This collection of myth and magic had me hooked from page one. Which makes sense, as it begins with “Shimmer,” the tale of a girl who can change into a mermaid – and whose family works a fishing boat. Though Coral is misunderstood and hides her changeable nature from everyone, including Draven Manning – a boy her age who rescues her from drowning one night – it’s clear that she’s got a lot more weighing on her mind than the typical adolescent fears and anxieties about school and her relationships. Author Brinda Berry weaves a dark but delightful take on the classic Little Mermaid story that’s much different than Disney’s version, and much more enjoyable. I only wish we could’ve seen more of Coral’s underwater world.
The next story, “Between,” offers a peek behind the Royal curtains to see just what’s at stake for the rich, powerful and popular – in high school. Though Lucy craves affection from her mother, she knows the only way to achieve it is to become slim and join her school’s ruling elite, despite the fact that they’re terrible people who prey on their fellow students with cruel pranks and cutting insults. When she’s finally crowned Queen, she’s got to choose between her summer camp love affair with Natasha – a girl who accepted her just as she was – or the Royals crowd, where popularity is everything. Lucy’s bad decisions have terrifying consequences, but a genie appears to help. Karen Y. Bynum‘s story borrows elements from many different stories, creating something new for readers to enjoy.
Things get even darker in “Sunset Moon,” a story by Laura Diamond that incorporates traditional Blackfoot Nation myths into a modern story of teenage rebellion and rehabilitation.
As you can probably guess from the teenage heroines described thus far, this book is a YA collection starring troubled teens from all walks of life. While the classic fairy tales usually set readers up for Happily Ever Afters with princesses marrying their Prince Charmings, Lore gives us average girls looking to escape their everyday lives and problems at home. But that’s not to say that these girls are ordinary, or that their stories are a dime a dozen. Instead each of the authors in the collection have managed to spin fantastic tales around these girls, showing us just how extraordinary their lives can be.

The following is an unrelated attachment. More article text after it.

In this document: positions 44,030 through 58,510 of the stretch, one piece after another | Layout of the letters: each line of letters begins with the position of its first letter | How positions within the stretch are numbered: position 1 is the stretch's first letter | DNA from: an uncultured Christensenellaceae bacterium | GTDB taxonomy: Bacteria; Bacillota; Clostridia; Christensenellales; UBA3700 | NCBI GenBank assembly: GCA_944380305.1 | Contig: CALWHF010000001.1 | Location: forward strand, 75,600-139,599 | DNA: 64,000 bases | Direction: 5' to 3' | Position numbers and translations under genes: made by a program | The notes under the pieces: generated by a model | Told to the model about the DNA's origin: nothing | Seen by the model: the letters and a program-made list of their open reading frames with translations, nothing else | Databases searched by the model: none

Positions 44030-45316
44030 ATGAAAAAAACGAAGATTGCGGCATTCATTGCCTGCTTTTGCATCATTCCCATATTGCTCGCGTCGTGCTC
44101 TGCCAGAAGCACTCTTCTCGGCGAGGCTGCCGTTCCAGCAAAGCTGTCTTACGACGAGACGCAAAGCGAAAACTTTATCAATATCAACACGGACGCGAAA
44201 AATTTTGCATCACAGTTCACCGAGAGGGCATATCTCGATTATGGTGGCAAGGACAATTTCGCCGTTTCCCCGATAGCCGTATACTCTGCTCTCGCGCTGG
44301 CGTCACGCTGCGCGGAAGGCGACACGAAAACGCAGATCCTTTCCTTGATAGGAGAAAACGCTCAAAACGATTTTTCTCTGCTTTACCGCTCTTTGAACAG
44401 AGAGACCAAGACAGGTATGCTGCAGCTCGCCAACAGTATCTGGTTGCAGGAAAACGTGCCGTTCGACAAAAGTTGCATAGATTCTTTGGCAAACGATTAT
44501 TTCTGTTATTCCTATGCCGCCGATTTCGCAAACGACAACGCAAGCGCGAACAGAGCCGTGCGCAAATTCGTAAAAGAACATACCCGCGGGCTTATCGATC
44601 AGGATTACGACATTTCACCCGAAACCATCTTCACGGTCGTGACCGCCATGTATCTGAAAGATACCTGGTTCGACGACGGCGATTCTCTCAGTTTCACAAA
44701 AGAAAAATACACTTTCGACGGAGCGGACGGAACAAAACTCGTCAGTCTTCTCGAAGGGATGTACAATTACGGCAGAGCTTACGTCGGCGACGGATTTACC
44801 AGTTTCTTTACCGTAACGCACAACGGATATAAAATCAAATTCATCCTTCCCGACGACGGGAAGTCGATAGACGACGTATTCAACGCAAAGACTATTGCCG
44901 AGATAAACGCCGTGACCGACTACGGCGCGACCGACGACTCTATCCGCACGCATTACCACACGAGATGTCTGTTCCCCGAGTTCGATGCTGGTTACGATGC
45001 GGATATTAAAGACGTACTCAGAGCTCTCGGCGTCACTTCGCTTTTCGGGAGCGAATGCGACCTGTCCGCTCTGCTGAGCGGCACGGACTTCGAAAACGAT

The question then is whether the magic that helps them succeed in their journeys comes from within or from some outside source – and why?
I enjoyed the fact that these stories were darker than Disney’s versions, especially since the orginal folk and fairy tales were much more frightening than the cartoons suggest. By avoiding the princess cliché, each writer recaptures some of that original menace and fear, spinning a new story from Grimm threads. Additionally, though folk tales often contain a rather preachy lesson to be learned, these stories contain similar morals or guidance for a younger reader, but without the sanctimonious attitude. Told from the point of view of teenage main characters, it’s easy to see how these stories will connect with kids from the same age bracket who are fighting similar battles in their own lives.
Combining stories from a fairly diverse offering (Mayan culture, Native American folklore, Jewish golems, Irish Fae, and more), Lore offers plenty of twists and turns that will surprise and delight readers looking for an escape from the ordinary....more
Having recently found a stack of children's books in my laundry room, I decided to give these a whirl. Oddly enough, Nancy Drew solves a mystery in MoHaving recently found a stack of children's books in my laundry room, I decided to give these a whirl. Oddly enough, Nancy Drew solves a mystery in Montreal, my old stomping grounds! Naturally, I had to see what she thought of the "Paris of North America." Apparently she has some big obsession with the Big O's track - or at least her friend does.
This mystery was much easier to solve than I remember Nancy's mysteries being, at least back when I was a kid. But then again, maybe they were always that easy to see through, and I was just not as advanced a reader?
Anyway, 3 stars for trying to capture a bit of Montreal's je ne sais quoi, but if you're looking for a crazy caper and you're just a tad older than 13, you may want to check into an adult cozy mystery instead. Good for nostalgia's sake, though not for the hard-nosed armchair detective....more
I reread this book as part of Nonfiction November, so if you're curious to learn more about my book pairing for the young at heart (this book + a ShelI reread this book as part of Nonfiction November, so if you're curious to learn more about my book pairing for the young at heart (this book + a Shel Silverstein biography), check out my post at http://buttontapper.com/2015/11/10/no......more